A Public Sphere for Poetry, Politics, and Nature
In our time, neighbors posted names
and addresses of abortion nurses, doctors; names
of doctors’ kids, their schools. One website
ran red with animated blood.
Doctors died: Gunn, Britton, Slepian,
Tiller. Staff died. And volunteers.
Politicians said Planned Parenthood
as if it were code for something bad about
my gender, extending from abortion to sex.
Their goal? I read obliteration, an erasure
of women, of my younger self, patient at Planned
Parenthood who went for contraception,
cancer tests. Do you still have these needs?
I bent my legs, and propped my feet against
what nurses called stirrups, cold and severe.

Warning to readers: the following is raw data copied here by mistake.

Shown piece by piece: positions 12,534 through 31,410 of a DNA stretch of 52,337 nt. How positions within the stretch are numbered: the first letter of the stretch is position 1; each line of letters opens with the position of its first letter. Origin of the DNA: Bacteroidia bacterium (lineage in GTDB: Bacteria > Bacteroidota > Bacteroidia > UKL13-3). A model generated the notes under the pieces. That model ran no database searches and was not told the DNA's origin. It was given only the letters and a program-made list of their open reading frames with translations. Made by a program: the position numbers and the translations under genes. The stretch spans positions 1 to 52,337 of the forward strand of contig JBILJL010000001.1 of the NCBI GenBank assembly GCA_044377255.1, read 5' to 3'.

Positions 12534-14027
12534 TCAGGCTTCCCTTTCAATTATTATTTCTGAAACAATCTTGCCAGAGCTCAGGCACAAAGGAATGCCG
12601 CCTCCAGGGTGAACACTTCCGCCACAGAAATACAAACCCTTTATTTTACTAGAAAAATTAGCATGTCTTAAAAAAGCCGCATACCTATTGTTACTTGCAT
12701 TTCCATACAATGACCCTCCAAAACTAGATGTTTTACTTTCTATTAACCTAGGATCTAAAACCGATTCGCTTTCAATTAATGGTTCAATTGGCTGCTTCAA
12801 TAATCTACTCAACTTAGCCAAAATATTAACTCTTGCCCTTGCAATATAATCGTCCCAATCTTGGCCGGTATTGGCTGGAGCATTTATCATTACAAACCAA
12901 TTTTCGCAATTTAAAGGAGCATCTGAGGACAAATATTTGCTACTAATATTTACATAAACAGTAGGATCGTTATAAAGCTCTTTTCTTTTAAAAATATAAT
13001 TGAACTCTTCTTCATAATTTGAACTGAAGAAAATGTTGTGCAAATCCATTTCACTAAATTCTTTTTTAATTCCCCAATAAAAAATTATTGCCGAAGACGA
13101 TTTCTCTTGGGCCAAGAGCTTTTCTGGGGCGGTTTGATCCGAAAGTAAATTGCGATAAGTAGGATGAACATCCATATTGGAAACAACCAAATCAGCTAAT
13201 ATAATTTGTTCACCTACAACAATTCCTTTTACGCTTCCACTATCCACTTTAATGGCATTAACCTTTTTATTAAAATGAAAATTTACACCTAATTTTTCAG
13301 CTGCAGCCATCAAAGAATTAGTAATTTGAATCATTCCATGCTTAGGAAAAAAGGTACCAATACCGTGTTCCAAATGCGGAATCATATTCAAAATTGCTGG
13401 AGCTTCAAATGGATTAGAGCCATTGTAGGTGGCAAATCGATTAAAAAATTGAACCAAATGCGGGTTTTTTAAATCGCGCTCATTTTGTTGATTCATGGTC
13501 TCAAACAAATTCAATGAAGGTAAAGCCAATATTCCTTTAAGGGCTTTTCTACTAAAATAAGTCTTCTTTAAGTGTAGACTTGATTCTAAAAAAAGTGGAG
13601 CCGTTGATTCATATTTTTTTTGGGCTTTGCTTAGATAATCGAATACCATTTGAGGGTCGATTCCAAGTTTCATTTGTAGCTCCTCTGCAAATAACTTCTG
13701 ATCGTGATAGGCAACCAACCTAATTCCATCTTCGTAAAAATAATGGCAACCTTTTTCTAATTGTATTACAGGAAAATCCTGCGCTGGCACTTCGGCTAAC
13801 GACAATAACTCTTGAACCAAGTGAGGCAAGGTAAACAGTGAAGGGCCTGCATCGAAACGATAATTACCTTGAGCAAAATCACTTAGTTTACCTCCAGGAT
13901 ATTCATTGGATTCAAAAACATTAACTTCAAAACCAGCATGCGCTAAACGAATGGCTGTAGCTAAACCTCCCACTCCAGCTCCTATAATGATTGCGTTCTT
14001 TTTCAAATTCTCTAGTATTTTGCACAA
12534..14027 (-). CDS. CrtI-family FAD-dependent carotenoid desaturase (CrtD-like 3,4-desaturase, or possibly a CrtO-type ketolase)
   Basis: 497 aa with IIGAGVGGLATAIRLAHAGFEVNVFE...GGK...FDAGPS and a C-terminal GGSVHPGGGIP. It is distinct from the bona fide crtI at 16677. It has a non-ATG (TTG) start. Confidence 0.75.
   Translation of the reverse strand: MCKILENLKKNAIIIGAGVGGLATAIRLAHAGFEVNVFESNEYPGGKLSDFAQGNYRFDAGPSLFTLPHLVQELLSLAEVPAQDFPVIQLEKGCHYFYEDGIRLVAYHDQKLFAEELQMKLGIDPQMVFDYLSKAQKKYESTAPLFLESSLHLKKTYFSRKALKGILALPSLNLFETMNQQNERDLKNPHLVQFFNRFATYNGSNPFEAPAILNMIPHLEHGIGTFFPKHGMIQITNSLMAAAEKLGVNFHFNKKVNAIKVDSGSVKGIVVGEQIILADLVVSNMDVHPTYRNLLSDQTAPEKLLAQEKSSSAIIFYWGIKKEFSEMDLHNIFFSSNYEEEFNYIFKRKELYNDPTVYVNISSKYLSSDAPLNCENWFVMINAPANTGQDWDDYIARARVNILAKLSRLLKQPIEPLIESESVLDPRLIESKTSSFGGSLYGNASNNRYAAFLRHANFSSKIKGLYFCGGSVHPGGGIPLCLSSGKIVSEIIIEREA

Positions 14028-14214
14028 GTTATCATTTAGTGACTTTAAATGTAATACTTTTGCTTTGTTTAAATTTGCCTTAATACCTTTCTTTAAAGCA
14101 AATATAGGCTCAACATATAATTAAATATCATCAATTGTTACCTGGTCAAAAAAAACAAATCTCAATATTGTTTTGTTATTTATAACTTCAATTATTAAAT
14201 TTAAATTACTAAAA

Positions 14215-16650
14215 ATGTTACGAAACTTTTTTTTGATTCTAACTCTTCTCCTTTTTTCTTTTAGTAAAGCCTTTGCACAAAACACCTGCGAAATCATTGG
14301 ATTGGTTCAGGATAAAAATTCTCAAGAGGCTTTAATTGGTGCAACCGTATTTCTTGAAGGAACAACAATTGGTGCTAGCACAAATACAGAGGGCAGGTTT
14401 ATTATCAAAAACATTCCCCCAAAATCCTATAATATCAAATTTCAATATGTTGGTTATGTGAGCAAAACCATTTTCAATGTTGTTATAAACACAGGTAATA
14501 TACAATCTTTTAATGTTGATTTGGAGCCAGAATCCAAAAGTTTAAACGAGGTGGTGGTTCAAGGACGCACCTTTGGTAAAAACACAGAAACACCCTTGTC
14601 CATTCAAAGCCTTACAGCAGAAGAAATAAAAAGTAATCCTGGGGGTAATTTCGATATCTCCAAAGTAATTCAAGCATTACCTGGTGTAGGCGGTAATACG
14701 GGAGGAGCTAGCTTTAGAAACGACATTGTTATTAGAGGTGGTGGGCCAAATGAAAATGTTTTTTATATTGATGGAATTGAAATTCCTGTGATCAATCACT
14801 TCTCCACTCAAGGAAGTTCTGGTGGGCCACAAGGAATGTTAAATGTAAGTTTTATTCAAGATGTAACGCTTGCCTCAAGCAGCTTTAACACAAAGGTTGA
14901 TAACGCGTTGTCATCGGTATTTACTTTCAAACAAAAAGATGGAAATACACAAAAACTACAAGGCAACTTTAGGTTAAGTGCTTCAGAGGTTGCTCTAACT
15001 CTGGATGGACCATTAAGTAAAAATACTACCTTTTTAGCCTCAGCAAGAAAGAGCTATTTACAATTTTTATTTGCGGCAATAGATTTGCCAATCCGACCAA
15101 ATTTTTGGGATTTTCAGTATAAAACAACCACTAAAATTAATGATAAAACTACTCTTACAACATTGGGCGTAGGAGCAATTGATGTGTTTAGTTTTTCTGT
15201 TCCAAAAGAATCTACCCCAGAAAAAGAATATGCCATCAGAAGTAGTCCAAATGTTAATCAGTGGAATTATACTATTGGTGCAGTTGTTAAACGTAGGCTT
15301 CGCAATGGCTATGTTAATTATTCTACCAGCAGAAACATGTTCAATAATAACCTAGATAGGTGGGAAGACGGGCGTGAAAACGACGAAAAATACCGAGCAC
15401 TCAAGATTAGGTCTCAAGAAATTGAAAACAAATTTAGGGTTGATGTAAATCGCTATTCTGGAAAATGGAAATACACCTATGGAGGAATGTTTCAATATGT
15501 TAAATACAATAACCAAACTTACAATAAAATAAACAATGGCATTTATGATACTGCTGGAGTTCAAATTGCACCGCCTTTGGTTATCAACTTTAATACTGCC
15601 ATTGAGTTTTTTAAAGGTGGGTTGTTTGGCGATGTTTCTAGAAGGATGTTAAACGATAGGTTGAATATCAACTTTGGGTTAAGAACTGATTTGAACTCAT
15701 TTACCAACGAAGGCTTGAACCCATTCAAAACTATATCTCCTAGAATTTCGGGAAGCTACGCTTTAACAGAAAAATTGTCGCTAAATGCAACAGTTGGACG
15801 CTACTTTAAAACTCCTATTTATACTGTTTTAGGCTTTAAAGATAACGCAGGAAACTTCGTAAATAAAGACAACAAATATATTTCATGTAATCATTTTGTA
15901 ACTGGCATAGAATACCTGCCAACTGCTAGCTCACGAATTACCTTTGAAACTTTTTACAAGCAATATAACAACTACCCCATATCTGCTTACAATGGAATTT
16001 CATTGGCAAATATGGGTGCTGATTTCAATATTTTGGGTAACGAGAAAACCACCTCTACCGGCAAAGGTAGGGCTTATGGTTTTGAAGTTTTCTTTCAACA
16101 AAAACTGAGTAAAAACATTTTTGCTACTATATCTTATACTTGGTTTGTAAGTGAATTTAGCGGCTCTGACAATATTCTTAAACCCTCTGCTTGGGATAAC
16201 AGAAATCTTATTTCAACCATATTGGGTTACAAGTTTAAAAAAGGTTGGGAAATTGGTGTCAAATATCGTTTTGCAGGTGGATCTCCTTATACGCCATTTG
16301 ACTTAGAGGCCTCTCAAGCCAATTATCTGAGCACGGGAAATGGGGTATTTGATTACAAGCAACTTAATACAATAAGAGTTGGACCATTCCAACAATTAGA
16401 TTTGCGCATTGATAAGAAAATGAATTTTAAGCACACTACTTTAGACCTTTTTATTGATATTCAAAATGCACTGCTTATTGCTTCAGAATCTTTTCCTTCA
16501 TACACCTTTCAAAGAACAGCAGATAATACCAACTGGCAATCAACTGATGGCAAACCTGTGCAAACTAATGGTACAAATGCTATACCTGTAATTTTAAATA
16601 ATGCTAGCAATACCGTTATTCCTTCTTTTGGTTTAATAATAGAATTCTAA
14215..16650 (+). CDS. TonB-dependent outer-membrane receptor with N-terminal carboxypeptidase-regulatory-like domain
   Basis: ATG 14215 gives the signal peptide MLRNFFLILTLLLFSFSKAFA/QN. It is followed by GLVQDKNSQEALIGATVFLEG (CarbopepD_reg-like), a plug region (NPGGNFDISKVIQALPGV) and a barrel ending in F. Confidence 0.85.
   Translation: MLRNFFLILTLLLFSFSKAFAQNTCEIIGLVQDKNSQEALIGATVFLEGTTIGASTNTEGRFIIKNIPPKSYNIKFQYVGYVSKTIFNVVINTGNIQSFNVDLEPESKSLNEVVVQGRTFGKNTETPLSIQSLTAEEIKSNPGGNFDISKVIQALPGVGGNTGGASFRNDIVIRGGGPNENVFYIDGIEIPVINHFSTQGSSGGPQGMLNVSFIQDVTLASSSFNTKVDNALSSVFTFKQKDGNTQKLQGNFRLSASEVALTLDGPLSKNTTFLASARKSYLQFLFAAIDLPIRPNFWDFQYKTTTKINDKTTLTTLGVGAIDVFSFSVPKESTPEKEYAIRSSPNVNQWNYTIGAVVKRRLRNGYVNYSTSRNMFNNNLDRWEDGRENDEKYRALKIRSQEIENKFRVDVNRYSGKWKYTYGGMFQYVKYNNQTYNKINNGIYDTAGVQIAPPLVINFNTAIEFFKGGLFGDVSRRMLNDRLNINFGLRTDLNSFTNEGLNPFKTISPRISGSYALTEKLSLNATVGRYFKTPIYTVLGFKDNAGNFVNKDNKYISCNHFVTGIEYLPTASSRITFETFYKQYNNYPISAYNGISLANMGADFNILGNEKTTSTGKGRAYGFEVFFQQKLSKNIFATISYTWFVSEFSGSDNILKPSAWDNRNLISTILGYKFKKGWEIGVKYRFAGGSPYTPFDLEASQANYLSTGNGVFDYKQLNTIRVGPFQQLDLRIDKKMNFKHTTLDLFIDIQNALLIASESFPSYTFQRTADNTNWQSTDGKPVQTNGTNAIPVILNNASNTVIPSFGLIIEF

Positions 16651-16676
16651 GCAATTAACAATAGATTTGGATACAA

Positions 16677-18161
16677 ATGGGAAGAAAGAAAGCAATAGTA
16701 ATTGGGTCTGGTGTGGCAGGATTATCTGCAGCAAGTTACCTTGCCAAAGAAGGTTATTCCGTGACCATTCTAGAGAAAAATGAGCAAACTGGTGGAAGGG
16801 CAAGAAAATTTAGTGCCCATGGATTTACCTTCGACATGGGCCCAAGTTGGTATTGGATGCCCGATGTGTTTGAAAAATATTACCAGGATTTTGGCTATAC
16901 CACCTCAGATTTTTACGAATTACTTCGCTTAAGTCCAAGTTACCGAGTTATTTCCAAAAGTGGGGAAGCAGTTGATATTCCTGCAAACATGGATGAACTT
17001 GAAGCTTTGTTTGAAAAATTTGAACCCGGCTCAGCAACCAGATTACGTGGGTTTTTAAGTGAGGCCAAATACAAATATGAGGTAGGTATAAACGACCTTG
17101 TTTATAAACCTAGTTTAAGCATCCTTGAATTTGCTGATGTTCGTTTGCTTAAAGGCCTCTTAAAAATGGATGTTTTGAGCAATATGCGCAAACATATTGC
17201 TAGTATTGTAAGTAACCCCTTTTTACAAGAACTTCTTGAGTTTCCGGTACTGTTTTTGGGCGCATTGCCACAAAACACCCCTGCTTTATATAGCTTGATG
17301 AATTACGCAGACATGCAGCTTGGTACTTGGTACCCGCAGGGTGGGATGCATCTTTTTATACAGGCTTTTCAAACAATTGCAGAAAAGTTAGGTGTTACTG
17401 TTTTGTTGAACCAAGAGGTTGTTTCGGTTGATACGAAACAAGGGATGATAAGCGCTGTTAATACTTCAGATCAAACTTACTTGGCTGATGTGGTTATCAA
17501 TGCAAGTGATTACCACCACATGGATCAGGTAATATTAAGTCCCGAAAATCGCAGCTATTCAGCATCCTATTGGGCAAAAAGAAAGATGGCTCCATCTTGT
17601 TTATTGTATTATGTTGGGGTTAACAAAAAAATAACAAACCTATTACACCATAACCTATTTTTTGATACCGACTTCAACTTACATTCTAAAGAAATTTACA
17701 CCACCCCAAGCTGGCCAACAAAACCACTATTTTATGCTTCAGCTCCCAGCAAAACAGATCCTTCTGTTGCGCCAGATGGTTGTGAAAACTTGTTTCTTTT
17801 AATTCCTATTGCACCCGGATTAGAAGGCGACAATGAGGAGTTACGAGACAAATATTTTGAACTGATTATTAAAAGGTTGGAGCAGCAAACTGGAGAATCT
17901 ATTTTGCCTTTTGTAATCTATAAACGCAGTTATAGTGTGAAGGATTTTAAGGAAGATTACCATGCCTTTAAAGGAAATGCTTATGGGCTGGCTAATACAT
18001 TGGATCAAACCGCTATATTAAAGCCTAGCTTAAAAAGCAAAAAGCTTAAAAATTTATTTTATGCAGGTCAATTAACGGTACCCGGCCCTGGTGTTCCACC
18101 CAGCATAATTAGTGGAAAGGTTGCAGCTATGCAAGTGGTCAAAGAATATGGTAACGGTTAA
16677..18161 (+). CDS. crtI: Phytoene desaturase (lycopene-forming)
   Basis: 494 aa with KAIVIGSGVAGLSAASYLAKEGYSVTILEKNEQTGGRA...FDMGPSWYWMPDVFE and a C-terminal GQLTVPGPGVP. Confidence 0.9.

And later, when I worked as a clinic counselor,
I ministered. Vital signs to read.
Contraceptive means to show and tell.
All morning at Planned Parenthood I’d help
patients up on the table, their paper gowns
like long, stiff bibs. And down again.
At first, demonstrators outside clinics
only screamed. Today, they take lives:
Ke’arre Stewart, a vet who’d stepped out
of a Colorado clinic in search of a better
signal, whose girlfriend had happily learned
that she was pregnant. My younger self, unable
to afford a private doctor, would also have been
inside—in an examining room, maybe—her life
open ahead, her belly flat, warm
as a plum ripening in sun, the sun
you also know, as you must know the sweet
scents of warmed fruit, women’s bodies.
I hope that nothing remains for you of threats,
that you know at most only vague stories:
maybe about Stewart, 29,
and a note he posted shortly before he died:
Why must the most beautiful thing
be so confusing? I’m talking about love.
Copyright 2018 Sandy Solomon